This Company is Proving Drones and Manned Aircraft Can Be an Excellent Team
While most of the bad publicity around “rogue drones” comes from a perceived (and sometimes real) danger of interference between unmanned and manned aircraft, French company Donecle is proving that the manned aircraft industry can benefit from drone technology too.
We first saw a demonstration of airplane inspections by drones at the 2018 DJI Airworks conference. It’s a use case with tremendous potential return on investment, speeding up an expensive and time consuming process dramatically. Now that Donecle is ready to implement the service for the largest airline in South America, the safety and value will be proven on the tarmac – and will hopefully spread to airlines around the world. Having commercial drones safely implemented at airports could be a great move for commercial airlines and for the drone industry.
The following is from a Donecle press release.
Labège, France, December 20nd, 2019. Donecle announced today that LATAM Airlines Group, the largest airline in South America, will use its automated drone solution to improve the efficiency and reliability of aircraft visual inspections during base maintenance for their A320 fleet.
Following a successful 3-month trial period, LATAM decided to integrate Donecle’s solution in its São Carlos site, one of the company’s main base maintenance sites. The drone will be used for visual inspections during heavy checks.
“We are very proud to count LATAM as a new customer and expand our operations in South America“, says Josselin Bequet, CEO & Co-founder at Donecle. “The 3-month test was a key phase for LATAM to better understand the added-value of the drone and to anticipate the integration into their maintenance process. We are happy to now have the drone up and flying with LATAM and are committed to support them to make the most of the solution.”
The drone, which does not require a pilot thanks to its laser positioning technology, can automatically scan a narrowbody aircraft in less than one hour. In addition to time savings, the solution will improve safety conditions for LATAM’s workforce. The precise location of defects relative to the aircraft structure will help LATAM to optimise scheduling of repairs and job cards during checks.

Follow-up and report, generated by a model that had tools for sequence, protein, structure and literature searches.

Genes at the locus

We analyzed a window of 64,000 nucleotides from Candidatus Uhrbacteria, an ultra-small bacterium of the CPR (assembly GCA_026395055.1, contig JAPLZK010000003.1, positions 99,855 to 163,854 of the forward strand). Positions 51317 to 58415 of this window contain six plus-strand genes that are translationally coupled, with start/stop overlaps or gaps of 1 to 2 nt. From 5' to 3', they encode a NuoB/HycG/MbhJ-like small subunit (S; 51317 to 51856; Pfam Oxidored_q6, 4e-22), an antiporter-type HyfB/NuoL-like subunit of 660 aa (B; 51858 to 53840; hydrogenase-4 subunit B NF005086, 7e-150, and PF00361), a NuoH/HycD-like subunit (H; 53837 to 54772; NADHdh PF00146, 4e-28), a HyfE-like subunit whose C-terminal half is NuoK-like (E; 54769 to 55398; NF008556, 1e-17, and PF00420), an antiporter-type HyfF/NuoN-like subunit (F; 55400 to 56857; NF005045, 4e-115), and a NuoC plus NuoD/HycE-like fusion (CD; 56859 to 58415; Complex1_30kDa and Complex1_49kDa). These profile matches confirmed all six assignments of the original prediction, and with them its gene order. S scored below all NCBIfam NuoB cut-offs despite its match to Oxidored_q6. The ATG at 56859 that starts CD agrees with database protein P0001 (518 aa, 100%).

The solution also contributes to a paperless process and to better traceability of inspections.
Ultimately both partners are looking at how to deploy the drone inspection solutions at other LATAM group sites, as well as to look for new potential use cases.
“This is a project that reinforces our pioneering approach in Latin America for the implementation of a brand new aircraft inspection method. It is a privilege having the opportunity to test this advanced technology, which has already helped us gain efficiency and elevated our Quality and Safety standards”, says Alexandre Peronti, Director of Maintenance at LATAM Airlines Brasil.
LATAM Airlines Group, headquarted in Santiago Chile is the largest Airline in Latin America with a fleet of more than 300 aircraft, including several models from the A320 family and 4 sites of maintenance.
Donecle is the leader of automated aircraft inspection by drone. Donecle is a French company located in Labege, France, founded in 2015 and with strong expertise in aircraft maintenance processes, drone robotics, automation and computer vision deep learning. Our technology combines 100% automated UAVs with advanced image analysis algorithms to inspect aircraft quickly and reliably. Donecle is committed to deliver high-standard services to customers through constant improvement and dedicated customer focus team. Our clients include airlines, MROs, aircraft OEMs and military operators around the World. Lean more here www.donecle.com
LATAM Airlines Group is Latin America’s leading airline group with one of the largest route networks in the world, offering services to 145 destinations in 26 countries, including six domestic markets in Latin America – Argentina, Brazil, Chile, Colombia, Ecuador and Peru – in addition to international operations in Latin America, Europe, the United States, the Caribbean, Oceania, Africa and Asia. The airline group employs over 42,000 people worldwide, operating approximately 1,300 flights per day and transporting over 72 million passengers per year. LATAM Airlines Group has 327 aircraft in its fleet, which features the latest and most modern models including the Boeing 787, Airbus A350, A321 and A320neo.
LATAM Airlines Group is the only airline group in the Americas and one of three worldwide to be part of the Dow Jones Sustainability ‘World’ Index. In 2018, it was recognized by the index for sustainable practices, based on economic, social and environmental criteria, for the sixth consecutive year. LATAM Airlines Group shares are traded on the Santiago Stock Exchange and the New York Stock Exchange in the form of ADRs. For any commercial or brand related query, visit www.latam.com. Further financial information is available via www.latamairlinesgroup.net.
Miriam McNabb is the Editor-in-Chief of DRONELIFE and CEO of JobForDrones, a professional drone services marketplace, and a fascinated observer of the emerging drone industry and the regulatory environment for drones. Miriam has a degree from the University of Chicago and over 20 years of experience in high tech sales and marketing for new technologies.
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